I was surprised to learn that this film was by the director of the
engaging "Easy A." In "Friends with Benefits," he elicits so-so
performances from a wonderful cast as if it was his central purpose.
The script was written by three men, but sounds as if written by a middle-aged-plus lady a la the horrible Nancy Meyers, straining to seem "daringly" dirty, up-to-the-minute hip and fitfully "meta." There are plenty of references to movies and digital culture, but few laughs, and I never felt any human connection with the characters. The dialog is delivered in a pressured way, with each new line beginning at the instant the previous speaker finishes, with never a pause or overlap. The editor would usually cut at that instant, giving some scenes a very clunky rhythm, with consequent injury to any flow or naturalism.
FWB's scattered references to standard romcom memes don't seem so witty finally, given the script's failure to subvert or transcend them. Its would-be feel-good conclusion is unearned and false.
Although not very fruitful, Justin Timberlake already has on his back a filmography of more than a fortnight of titles like actor. He will not always play the flute and will be hired to play the roles of Zuckerberg's partner in 'The Social Network' or one of Nick Cassavetes's 'Alpha Dog' dealers - but there he is, with productions designed (almost) entirely he. With the right to friction is based on several formulas. The first, pure Hollywood marketing: to join in a romantic comedy to two stars or promises of fashion, Timberlake and Mila Kunis, the surprise, revelation or whatever you want of 'Black Swan', the thriller of Darren Aronofsky. The second, to resurrect for the umpteenth time, although with more sex, the old formula of the comedies with Doris Day and Rock Hudson. The third, to compose a script - part of an argument co-written by Harley Peyton, producer and screenwriter of several episodes of 'Twin Peaks', who would say it - would be applauded in some of Robert McKee's master classes, Perfectly gutted, his scenes dramatically strong - that is to say - and those of relaxation, the gags scattered in moderation - is a "serious" film about love and dislike, about sex with or without sex, about, in the Depth, the impossibility of platonic love or relationship without emotions and desires - and the two or three secondary characters incorporated by veteran actors who give brightness to the subject, but they are not totally digressions: the mother of the protagonist, a nostalgic- ____________________________________________________________________
This is a good idea for a film, which was done slightly less badly in
No Strings Attached.
The two main characters in this film are boring and unlikeable. Justin Timberlake's character lacks a personality and Mila Kunis' character is arrogant. It was promoted as funny, sexy and romantic - but it fails miserably on all three counts. This is one of the worst films I've ever seen - and I've seen thousands.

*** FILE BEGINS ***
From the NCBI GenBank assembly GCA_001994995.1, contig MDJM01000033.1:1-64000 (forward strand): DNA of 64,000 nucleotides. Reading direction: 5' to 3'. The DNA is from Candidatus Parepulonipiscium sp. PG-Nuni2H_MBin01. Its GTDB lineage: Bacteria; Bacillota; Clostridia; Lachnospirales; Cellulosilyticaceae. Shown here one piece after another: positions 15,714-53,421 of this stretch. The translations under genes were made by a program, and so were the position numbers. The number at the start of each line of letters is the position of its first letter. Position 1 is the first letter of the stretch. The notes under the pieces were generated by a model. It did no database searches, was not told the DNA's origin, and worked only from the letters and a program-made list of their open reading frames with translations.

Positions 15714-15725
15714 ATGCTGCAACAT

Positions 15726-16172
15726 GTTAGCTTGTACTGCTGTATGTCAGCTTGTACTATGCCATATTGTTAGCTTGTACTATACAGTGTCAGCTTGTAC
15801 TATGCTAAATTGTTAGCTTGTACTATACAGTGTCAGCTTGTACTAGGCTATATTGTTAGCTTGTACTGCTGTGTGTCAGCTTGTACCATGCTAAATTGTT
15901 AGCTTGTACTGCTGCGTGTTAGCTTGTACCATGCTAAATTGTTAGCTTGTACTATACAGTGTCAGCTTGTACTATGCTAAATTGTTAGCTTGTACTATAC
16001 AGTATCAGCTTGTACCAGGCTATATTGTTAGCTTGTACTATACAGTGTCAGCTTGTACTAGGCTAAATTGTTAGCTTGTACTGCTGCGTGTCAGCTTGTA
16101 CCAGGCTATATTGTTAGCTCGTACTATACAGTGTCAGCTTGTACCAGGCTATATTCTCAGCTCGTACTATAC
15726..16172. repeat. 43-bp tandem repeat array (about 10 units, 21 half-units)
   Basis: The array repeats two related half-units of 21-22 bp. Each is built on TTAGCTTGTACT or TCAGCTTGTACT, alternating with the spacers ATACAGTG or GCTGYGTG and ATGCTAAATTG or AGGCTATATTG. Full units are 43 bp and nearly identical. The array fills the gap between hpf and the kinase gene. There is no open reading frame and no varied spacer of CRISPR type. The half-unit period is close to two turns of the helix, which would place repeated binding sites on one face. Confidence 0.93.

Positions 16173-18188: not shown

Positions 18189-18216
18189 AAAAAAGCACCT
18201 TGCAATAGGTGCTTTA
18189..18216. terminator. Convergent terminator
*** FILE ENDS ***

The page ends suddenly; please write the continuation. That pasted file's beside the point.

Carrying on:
In 1989, Meg Ryan faked an orgasm, Billy Crystal droned about "sex
getting in the way" of male- female friendship, and the basis for
nearly every romantic comedy since was formed "When Harry Met Sally".
This film follows the same basic premise...but at the same time turns
it completely on its head.
For a basic plot summary, "Friends with Benefits" sees "headhunter" (or business recruiter) Jamie (Mila Kunis) meet Dylan (Justin Timberlake) and try to convince him to move to New York City to work for GQ. After seeing the sights and getting to know each other a bit, Jamie & Dylan (in order to avoid all the "complications" of a normal relationship) decide to engage in a "just sex" type of mutual agreement. From there, of course, things begin to veer off course and get a bit tenuous between the two.
Considering that this type of film has been done to death, "Friends With Benefits" is actually pretty good. Justin & Mila have great on-screen chemistry, the plot is a good mix of sappy & serious, and (at times) it will make you laugh (although many of those will be uncomfortable chuckles if watching with an audience).
Besides the irreverent fare (which would probably prevent this movie from being a "classic" anyway), the only problem I had with this film was how strange it was for the two leads to be playing against type. Usually, Timberlake is the "crazy guy" and Kunis is the "uptight witchy girl"...that is how we are accustomed to seeing those actors. Here, however, Timberlake is a bit more reserved while Kunis goes through a gambit of emotions from beginning to end. The chemistry between the two, as I mentioned, was great, but it was awkward seeing them against type.
Overall, though, this is a decent rom-com that provides (in equal parts): sexual escapades, tongue-in-cheek humor, character development, & an engaging plot. It may not be an all-time great, but "Friends with Benefits" most definitely has its moments.
Friends with benefits is a 2011 comedy starring Justin Timberlake and
Mila Kunis as two friends who decide to have sexual intercourse one
night and never speak about it eve again and remain friends. The film
stands out as a bit of a remake of No Strings Attached(2010). I loved
this movie so darn much,it was absolutely hilarious probably from that
guy who the hard guy in Zombieland(2009)and also Justin Timberlake who
I hate as a singer and actor,Mila Kunis was OK in this film nothing
great,I think there was somebody else who should have played her but
apart from that everything was great. Also,really liked Patrica
Clarkson from the TV remake of Carrie in this as the mom.
Friends with Benefits is a awesome comedy.